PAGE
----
ASUS MeMo Pad HD 7 review: a budget tablet that punches above its weight
To some extent, ASUS is a victim of its own success: it gave the budget tablet category a boost with the original Nexus 7, and it now faces a legion of competitors in that space. The company is taking a two-step approach to maintaining its relevance. The new Nexus 7 tackles the higher end, with top-tier specs that include a 1080p display and wireless charging. Right now, though, we're more interested in ASUS' low-end solution, the MeMo Pad HD 7. While it's one of the cheaper name-brand tablets at $150, it promises some of the quality we typically expect from more expensive products. But is the HD 7 good enough to fend off other entry-level tablets? And can it attract customers who'd be willing to pay the premium for a new Nexus 7'? Let's find out.%Gallery-194959%
Despite its name, the MeMo Pad HD 7 bears little in common with the older 7-inch MeMo Pad. The nondescript black front and curvy profile are familiar, but ASUS has replaced the textured backing with a smooth surface that's either matte on the dark blue model, or glossy on the green, pink and white versions. Consider getting the HD 7 in white if you want to keep it pretty -- the back is prone to showing fingerprints and other smudges. ASUS' build quality is reasonably solid too, although some slight creaking under strain is enough to remind us this is an entry-level product we're dealing with.
The HD 7 is comfortable to hold, with plenty of grip and a moderate weight of 10.7 ounces (303.3g). It's also a compact device at 7.7 inches tall and 4.7 inches wide. That said, its 0.43-inch thickness makes it as chunky as the old Nexus 7 or the Hisense Sero 7 Pro. As reasonable as that is for 7-inch devices, we can't help but covet slimmer tablets like the new Nexus 7 or Samsung's Galaxy Tab 3 7.0.
A closer inspection reveals some conspicuous improvements to the MeMo Pad formula. The 1.2-megapixel front camera and left-side microSDHC slot remain in mostly familiar places, but there's now a slightly protruding 5-megapixel camera (albeit without a flash) on the back. ASUS has replaced the small mono speaker with a larger stereo unit. Curiously, ASUS has moved the micro-USB port from the bottom to the top, next to the headphone jack and microphone; accessories made for the earlier MeMo Pad may not work here. You should find a basic stand in the box, though.
We're not big fans of the buttons. Like its sibling, the MeMo Pad HD 7 puts the power button and volume rocker on a back corner. They're easy to reach, but they're both hidden from sight and nearly flat, making them hard to identify by feel. Even now, we still occasionally have to double-check what we're about to press to avoid inadvertently putting the tablet to sleep.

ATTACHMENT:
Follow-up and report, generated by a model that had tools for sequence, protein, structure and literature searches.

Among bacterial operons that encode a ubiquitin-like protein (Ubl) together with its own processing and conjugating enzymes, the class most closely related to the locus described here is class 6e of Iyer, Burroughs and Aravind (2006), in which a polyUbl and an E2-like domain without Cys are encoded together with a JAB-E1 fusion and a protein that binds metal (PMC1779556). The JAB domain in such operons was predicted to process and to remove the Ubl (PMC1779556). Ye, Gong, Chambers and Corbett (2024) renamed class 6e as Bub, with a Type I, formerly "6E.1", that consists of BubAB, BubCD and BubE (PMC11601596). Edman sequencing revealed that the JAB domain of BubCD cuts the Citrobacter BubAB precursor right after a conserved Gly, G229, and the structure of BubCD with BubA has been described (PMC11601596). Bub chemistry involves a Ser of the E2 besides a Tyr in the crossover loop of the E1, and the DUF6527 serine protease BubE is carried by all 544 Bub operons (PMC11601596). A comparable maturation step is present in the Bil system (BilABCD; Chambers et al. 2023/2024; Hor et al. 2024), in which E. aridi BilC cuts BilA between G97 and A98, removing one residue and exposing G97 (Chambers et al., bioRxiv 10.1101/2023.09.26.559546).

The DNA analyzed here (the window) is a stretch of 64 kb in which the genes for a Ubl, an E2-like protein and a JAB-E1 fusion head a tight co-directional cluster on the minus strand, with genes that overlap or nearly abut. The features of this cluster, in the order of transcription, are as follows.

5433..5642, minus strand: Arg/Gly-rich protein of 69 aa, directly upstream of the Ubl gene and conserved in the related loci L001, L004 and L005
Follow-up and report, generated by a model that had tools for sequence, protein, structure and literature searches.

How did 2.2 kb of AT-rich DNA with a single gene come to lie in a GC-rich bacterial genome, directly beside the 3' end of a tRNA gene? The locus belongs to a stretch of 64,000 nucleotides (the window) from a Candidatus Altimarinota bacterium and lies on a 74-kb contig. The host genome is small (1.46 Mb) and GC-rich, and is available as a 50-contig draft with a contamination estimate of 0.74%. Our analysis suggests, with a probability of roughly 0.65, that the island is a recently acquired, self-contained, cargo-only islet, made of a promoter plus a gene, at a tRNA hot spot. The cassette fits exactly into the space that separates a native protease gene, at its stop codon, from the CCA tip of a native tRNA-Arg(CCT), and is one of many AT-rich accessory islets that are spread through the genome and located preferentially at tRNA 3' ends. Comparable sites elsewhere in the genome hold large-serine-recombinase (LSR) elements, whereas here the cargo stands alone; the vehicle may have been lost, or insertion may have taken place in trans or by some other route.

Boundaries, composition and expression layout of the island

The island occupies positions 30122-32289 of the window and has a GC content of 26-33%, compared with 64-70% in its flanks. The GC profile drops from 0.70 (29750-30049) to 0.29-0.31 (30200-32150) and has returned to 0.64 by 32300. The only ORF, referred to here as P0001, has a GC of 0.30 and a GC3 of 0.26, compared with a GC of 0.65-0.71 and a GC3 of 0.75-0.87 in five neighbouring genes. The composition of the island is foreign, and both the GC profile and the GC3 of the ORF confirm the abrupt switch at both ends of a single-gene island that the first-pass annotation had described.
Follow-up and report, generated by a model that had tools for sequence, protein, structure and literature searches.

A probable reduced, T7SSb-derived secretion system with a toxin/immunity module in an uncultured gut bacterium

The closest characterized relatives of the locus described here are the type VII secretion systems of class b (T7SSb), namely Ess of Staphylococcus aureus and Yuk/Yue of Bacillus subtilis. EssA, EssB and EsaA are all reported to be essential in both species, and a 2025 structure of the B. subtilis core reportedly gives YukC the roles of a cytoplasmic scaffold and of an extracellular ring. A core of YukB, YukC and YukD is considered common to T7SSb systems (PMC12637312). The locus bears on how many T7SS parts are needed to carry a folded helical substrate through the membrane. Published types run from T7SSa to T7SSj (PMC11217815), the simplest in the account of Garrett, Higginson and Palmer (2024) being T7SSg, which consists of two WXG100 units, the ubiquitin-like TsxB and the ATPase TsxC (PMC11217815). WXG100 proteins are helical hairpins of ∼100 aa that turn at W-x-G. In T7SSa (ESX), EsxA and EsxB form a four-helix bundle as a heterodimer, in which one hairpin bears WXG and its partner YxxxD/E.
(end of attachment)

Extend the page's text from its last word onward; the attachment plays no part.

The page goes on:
You also won't find many luxuries beyond the ones we've already mentioned so far. The HD 7 covers basic wireless with dual-band 802.11n WiFi and Bluetooth 4.0 LE, but there's no NFC. There's also no hardware-based video out, whether through HDMI (as on the Sero 7 Pro), MHL or SlimPort. ASUS does offer Miracast wireless display support as a consolation prize, however, so those with suitably modern TVs can skip the wires altogether. Like the earlier MeMo Pad, there's 16GB of built-in storage in the US model, 11.8GB of which is usable.
|MeMo Pad HD 7||Nexus 7 (2013)|
|Dimensions||7.75 x 4.75 x 0.43 inches (196.8 x 120.6 x 10.8mm)||7.87 x 4.49 x 0.34 inches (200 x 114 x 8.7mm)|
|Weight||10.65 oz. (302g)||WiFi: 10.23 oz. (290g); LTE: 10.55 oz. (299g)|
|Screen size||7 inches||7.02 inches|
|Screen resolution||1,280 x 800 (216 ppi)||1,920 x 1,200 pixels (323 ppi)|
|Screen type||IPS LCD||IPS LCD|
|Rear camera||5MP, AF||5MP, AF|
|Radios||N/A||Varies by market; LTE/HSPA+/GSM/EDGE|
|SoC||MediaTek MT8125||Snapdragon S4 Pro|
|CPU||1.2GHz quad-core ARM Cortex-A7||1.5GHz quad-core Krait|
|GPU||PowerVR SGX544MP||Adreno 320|
|WiFi||Dual-band, a/b/g/n||Dual-band, a/b/g/n|
|Operating system||Android 4.2.1||Android 4.3|
Display and sound
When tablet designers want to cut corners, display quality is frequently the first to go. Exhibit A: the lackluster screen on the HP Slate 7. Thankfully, the MeMo Pad HD 7 doesn't fall into that trap. ASUS is using an IPS 1,280 x 800 LCD that produces accurate colors and very wide viewing angles. The panel is even bright enough to use outdoors in some situations. There's no question that we'd notice the Nexus 7's higher resolution in a direct comparison, but the HD 7's display is more than crisp enough for books, games and movies.
There are a few quirks. Black levels aren't superb; you're more likely to see dark gray than black in poorer lighting. The front glass is also glossier than we're used to, which didn't help our attempts to read near a window, or outside on a sunny day. Even so, the HD 7's screen doesn't feel like a significant compromise. It's at least appropriate for the price, and it trumps the 1,024 x 600 displays in rivals like the Galaxy Tab 3 7.0.
Sound from the tablet isn't quite so impressive. The speakers are loud and largely distortion-free at high volumes, but their bass output won't compete with HTC's BoomSound. Moreover, having both speakers so close to each other negates the advantages of stereo separation; you won't hear panning effects or the virtual surround sound of the Nexus 7. It's easy to partly obscure the speakers in the middle of an enthusiastic gameplay session, for that matter. We'll still take the HD 7 over competitors with single-channel sound. It just feels like a missed opportunity, particularly when the Nexus 7's audio is so well done.
The MeMo Pad HD 7 faces an immediate problem on the software front. It's shipping with Android 4.2.1 at the very moment that another ASUS tablet -- you guessed it, the Nexus 7 -- is launching with Android 4.3. While the new OS doesn't represent a night-and-day experience, it does offer perks like guest profiles, better OS-level Bluetooth support and modular DRM that allows for 1080p Netflix streaming. ASUS tells us it will upgrade the HD 7 to Android 4.3 in the near future, but that still leaves the tablet ever-so-slightly behind the cutting edge.%Gallery-194955%